Ok, not really. It is actually an awesome, amazing platform where people can bring their ideas and aspirations and get them funded by many different people. Inventors and dreamers can then bypass the conventional funding routes of investors, bank loans, friends and family, and second mortgages to see their concepts brought to life.
I should clarify that first sentence. Kickstarter is awesome! Running a Kickstarter campaign is what sucks.
Why does it suck? Well, you basically have to take your entire dream, try to summarize it in a single web page, and then show it to thousands of people in hopes they will give you money. It is stressful, it is emotional, and it is hard.
For those who are unfamiliar, Kickstarter is a platform where people can post any project and ask for money. They must give you something in return, but that is one of the only rules. The request may include pre-ordering the newest gadget, investing in a movie, watching someone create a new charity, or anything in between. The project creator sets a certain fundraising goal in dollars, and they must raise that amount or they get none of the money pledged. The idea is simple; many people can contribute a small amount to a project to raise enough money for the project to succeed. Easy, right?
Unfortunately, no. Running a campaign is a tremendous amount of work and can take many more hours than you thought possible. It is the culmination of months of preparation ahead of time, including acquiring funding for important items like graphics, videos, and photo shoots. It is then followed by pure craziness as your campaign progresses. You try to hit your goal early and then build on the momentum. Finally, you have to deliver. You owe those people something, and you need to make sure they get what they paid for or your dream is gone.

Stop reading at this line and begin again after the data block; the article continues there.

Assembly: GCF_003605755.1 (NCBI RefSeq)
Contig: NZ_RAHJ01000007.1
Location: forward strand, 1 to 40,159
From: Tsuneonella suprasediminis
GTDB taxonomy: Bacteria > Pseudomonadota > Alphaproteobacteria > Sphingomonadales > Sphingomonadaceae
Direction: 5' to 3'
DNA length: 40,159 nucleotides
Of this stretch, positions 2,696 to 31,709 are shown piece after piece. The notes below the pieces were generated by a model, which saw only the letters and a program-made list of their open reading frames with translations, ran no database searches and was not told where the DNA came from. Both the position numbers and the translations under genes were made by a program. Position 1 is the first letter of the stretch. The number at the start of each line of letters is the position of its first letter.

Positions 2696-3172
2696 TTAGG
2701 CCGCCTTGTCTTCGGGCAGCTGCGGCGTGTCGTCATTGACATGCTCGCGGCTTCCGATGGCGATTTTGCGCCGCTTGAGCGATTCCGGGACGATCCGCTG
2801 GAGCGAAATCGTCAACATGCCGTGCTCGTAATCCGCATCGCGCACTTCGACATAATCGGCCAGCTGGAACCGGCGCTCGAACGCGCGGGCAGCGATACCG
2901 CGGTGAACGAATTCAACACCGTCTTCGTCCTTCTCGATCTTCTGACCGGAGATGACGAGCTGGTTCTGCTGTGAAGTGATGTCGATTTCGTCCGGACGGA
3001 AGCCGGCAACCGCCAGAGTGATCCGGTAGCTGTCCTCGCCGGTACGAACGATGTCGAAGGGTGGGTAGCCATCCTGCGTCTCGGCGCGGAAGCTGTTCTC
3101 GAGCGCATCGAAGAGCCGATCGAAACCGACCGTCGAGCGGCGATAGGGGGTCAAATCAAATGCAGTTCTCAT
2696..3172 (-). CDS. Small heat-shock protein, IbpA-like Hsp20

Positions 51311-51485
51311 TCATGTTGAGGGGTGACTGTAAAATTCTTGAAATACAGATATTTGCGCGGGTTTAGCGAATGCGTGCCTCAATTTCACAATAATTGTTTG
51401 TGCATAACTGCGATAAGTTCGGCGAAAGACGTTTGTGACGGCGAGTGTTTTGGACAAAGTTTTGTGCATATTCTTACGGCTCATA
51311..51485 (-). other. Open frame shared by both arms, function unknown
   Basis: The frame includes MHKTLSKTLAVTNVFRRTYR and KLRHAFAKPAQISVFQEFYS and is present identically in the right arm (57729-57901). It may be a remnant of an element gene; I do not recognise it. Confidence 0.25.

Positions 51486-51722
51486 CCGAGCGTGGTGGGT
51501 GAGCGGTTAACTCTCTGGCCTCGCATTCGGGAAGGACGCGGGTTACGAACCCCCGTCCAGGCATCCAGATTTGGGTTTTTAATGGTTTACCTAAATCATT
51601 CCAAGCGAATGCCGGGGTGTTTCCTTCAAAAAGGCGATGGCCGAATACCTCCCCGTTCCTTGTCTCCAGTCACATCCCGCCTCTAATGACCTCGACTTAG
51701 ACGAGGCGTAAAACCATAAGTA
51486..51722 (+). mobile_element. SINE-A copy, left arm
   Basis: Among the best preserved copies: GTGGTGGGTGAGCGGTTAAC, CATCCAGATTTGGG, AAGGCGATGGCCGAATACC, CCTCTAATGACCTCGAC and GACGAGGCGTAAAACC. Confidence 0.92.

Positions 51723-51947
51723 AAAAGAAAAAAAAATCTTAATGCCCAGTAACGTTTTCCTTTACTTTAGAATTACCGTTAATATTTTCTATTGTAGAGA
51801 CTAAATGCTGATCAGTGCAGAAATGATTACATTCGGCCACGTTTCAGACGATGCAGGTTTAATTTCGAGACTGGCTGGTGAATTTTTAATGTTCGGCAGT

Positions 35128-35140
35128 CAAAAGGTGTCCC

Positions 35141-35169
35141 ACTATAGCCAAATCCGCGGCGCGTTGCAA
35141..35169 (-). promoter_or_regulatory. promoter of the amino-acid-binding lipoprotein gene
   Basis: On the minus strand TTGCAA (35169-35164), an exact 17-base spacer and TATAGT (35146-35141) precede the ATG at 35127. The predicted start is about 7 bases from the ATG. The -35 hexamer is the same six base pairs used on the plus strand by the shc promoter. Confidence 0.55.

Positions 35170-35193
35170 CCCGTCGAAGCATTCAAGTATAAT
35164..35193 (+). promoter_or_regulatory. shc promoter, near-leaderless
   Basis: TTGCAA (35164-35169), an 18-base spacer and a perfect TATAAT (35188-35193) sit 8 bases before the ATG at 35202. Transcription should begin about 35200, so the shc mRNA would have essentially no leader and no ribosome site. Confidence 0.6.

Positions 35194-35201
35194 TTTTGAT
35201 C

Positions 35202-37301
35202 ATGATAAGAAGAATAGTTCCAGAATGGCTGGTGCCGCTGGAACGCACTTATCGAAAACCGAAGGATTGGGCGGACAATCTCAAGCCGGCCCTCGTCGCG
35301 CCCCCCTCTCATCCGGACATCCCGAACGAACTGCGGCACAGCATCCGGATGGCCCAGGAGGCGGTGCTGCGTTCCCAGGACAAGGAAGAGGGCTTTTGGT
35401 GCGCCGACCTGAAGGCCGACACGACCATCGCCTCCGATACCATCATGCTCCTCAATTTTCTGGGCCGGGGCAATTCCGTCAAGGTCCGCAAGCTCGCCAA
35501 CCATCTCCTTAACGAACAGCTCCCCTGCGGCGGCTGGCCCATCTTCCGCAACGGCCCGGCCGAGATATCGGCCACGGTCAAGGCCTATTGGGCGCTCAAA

This post is the introduction to a series of articles where we will try to help you through these waters should you ever try to navigate them. We are not experts, and if we are sure of one thing, it’s that no one is. We have run three Kickstarter campaigns, two of which have been successful and one that wasn’t. With the two successful campaigns, we raised over $100,000; I can assure you, that is not enough to make anyone’s dreams come true. People sometimes hear about Kickstarter campaign raising millions of dollars, but they are very few and very far between (and usually involve large investors beforehand).
In the following posts, we will try to lay out the blueprint of what we have learned along our Kickstarter journey. We have run campaigns for various products, so this advice may or may not apply to yours. Still, it is what we have learned and what has worked for us. We are hoping it can help you.
Kickstarter can be hard, grueling, and crazy. It is also extremely liberating. In the end, you can realize your dreams without answering to investors. The community surrounding many of these projects is simply amazing; it is a group of people who genuinely want to help others. Through Kickstarter, you will gain more product and market knowledge than you could ever possibly do through any other means. In short: it sucks, but it’s awesome. We hope our advice brings you more of the latter.
Part 4 | Part 3 | Part 2 | Part 1